JERUSALEM — U.S. Secretary of State Hillary Clinton is having talks with Israeli leaders on the conflict in Syria, the political transition in Egypt, and the perceived threat from Iran's nuclear program.
Secretary Clinton says she has come to Israel "at a moment of great change and transformation in the region."
"It is a time of uncertainty but also of opportunity," she said. "It is a chance to advance our shared goals of security, stability, peace, and democracy along with prosperity for the millions of people in this region who have yet to see a better future."
Senior State Department officials say Clinton wants to hear from Israelis about the impact of this past year's uprisings across North Africa and how the two countries can continue to work together on Middle East peace, Syria, and Iran.
"It is in moments like these that friends like us have to think together, act together. We are called to be smart, creative, and courageous," she said.
Israel's President Shimon Peres, right, walks U.S. Secretary of State Hillary Clinton, to her car following their meeting in Jerusalem, July 16, 2012.
Egypt's Field Marshal Hussein Tantawi walks with U.S. Secretary of State Hillary Clinton at the Ministry of Defense, Cairo, Egypt, July 15, 2012.
U.S. Secretary of State Hillary Clinton, left, South Korean Foreign Minister Kim Sung-hwan, center, and Japanese Foreign Minister Koichiro Gemba shake handsduring the ASEAN Regional forum in Phnom Penh, Cambodia, July 12, 2012.
Clinton, center, watches an exhibition of artificial limbs on her tour at the Cooperative Orthotic Prosthetic Enterprise Center (COPE), in Vientiane, Laos, July 11.
U.S. Embassy Staff wait to meet Secretary Clinton at a hotel in Hanoi, Vietnam, July 11.
Clinton places flowers at a statue as she toured the Ho Phra Keo Temple, in Vientiane, Laos, July 11.
Secretary Clinton and General Secretary of the Communist Party Nguyen Phu Trong meet at the Communist Party Headquarters on July 10 in Hanoi, Vietnam.
Clinton, right, under a statue of Chenggis Khan during her arrival ceremony at the Parliament House in Ulaanbaatar, Mongolia, July 9, 2012.
Secretary Clinton and Pakistan Foreign Minister Hina Rabbani Khar, center left, pose before a bilateral meeting in Tokyo, July 8.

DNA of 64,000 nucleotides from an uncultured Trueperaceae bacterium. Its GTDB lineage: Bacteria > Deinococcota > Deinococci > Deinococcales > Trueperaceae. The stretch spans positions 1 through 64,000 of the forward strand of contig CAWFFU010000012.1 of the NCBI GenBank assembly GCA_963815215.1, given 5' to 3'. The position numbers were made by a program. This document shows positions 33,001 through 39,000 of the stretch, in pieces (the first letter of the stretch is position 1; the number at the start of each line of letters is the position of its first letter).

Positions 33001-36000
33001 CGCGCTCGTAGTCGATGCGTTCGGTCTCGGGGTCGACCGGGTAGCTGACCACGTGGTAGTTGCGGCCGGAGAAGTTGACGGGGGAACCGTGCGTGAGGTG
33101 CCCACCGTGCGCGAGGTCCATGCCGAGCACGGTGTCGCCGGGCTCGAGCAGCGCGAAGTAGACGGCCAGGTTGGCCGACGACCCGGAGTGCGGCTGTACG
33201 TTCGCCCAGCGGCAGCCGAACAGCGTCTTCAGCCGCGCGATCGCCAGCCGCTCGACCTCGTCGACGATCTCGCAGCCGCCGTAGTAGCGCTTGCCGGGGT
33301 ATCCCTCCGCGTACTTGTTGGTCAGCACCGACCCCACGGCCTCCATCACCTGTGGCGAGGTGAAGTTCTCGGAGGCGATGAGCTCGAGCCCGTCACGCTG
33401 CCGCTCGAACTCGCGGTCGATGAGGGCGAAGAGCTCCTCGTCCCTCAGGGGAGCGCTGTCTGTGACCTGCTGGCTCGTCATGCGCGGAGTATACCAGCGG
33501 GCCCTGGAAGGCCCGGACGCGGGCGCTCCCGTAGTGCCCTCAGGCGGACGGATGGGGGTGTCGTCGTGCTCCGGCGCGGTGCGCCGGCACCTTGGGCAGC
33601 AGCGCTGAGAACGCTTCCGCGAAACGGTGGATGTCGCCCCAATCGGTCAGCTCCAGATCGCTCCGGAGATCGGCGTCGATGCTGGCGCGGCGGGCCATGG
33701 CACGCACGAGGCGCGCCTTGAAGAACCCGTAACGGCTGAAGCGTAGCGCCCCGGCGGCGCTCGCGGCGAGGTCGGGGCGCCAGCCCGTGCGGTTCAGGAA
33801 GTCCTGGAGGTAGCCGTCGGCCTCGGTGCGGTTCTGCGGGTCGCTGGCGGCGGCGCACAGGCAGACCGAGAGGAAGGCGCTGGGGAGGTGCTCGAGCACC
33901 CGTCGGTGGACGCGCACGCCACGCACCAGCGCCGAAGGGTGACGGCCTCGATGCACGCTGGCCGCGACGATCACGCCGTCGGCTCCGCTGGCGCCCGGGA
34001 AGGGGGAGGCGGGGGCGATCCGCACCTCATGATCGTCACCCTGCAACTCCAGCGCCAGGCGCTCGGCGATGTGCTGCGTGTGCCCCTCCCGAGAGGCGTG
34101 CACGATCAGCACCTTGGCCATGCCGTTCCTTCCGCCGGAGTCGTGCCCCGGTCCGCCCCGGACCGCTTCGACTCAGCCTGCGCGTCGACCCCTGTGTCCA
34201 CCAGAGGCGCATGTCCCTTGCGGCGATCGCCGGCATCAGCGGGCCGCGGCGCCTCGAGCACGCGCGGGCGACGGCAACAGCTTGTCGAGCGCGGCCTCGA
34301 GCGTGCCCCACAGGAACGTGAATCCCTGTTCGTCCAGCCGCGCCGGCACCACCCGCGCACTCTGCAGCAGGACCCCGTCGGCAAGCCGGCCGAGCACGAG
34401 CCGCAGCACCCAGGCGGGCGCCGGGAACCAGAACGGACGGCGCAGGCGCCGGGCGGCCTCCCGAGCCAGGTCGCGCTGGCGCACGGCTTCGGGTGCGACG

Clinton walks with Afghanistan President Hamid Karzai at the Presidential Palace in Kabul, July 7.
French President Francois Hollande and Secretary Clinton following their meeting at the Elysee Palace in Paris, July 6.
Clinton's Jerusalem schedule included separate talks with Israeli Foreign Minister Avigdor Lieberman, Defense Minister Ehud Barak, Prime Minister Benjamin Netanyahu, and President Shimon Peres.
President Peres praised Secretary Clinton for helping to organize international efforts toward a political transition in Syria to end what he calls President Bashar al-Assad's attacks against his own people.
"It is beyond acceptable norms by humanity no matter if you are Christians, or Jews, or even Arabs," he said. "I appreciate the fact that the Arab League stood up against it clearly and loudly. It is unprecedented."
U.S. State Department officials say international efforts to prevent Iran from developing nuclear weapons are at an "important moment," so Secretary Clinton wants to consult with Israeli leaders about the threat. Israel has not ruled out a military strike to prevent Tehran from making atomic weapons. President Peres says it is the "most dangerous issue of our time."
"There is a total understanding that we have to do whatever we can to prevent Iran from endangering the freedom and independence of other people or to endangering the life of other people," he said.
Secretary Clinton met here in Jerusalem with Palestinian Prime Minister Salam Fayyad after meeting last week in Paris with Palestinian President Mahmoud Abbas. Israel's President Peres thanked the Obama administration for continuing to pursue an Israeli-Palestinian peace accord.
"We should not give up hope," he said. "We shouldn't stop. We should be consistent. We should be determined. The Palestinians don't have a better alternative. We don't have a better alternative."
Secretary Clinton came to Israel from Egypt where she held separate talks with President Mohamed Morsi and military chief Mohamed Hussein Tantawi, encouraging both to seek consensus in Egypt's post-revolutionary political transition.
President Peres says Israelis are watching closely the formation of a new government in Cairo.
"For us Israelis, for the United States, Egypt is a key country in the Middle East. And much depends upon Egypt and a little upon us as well to continue the great march of peace for the benefit of all people in the Middle East. And you are trying to suggest stabilization in a destabilized land," he said.
This is the last stop on a 12-day trip for the U.S. secretary of state that, in addition to France, Israel and Egypt, has included stops in Afghanistan, Japan, Vietnam, Laos, and Cambodia.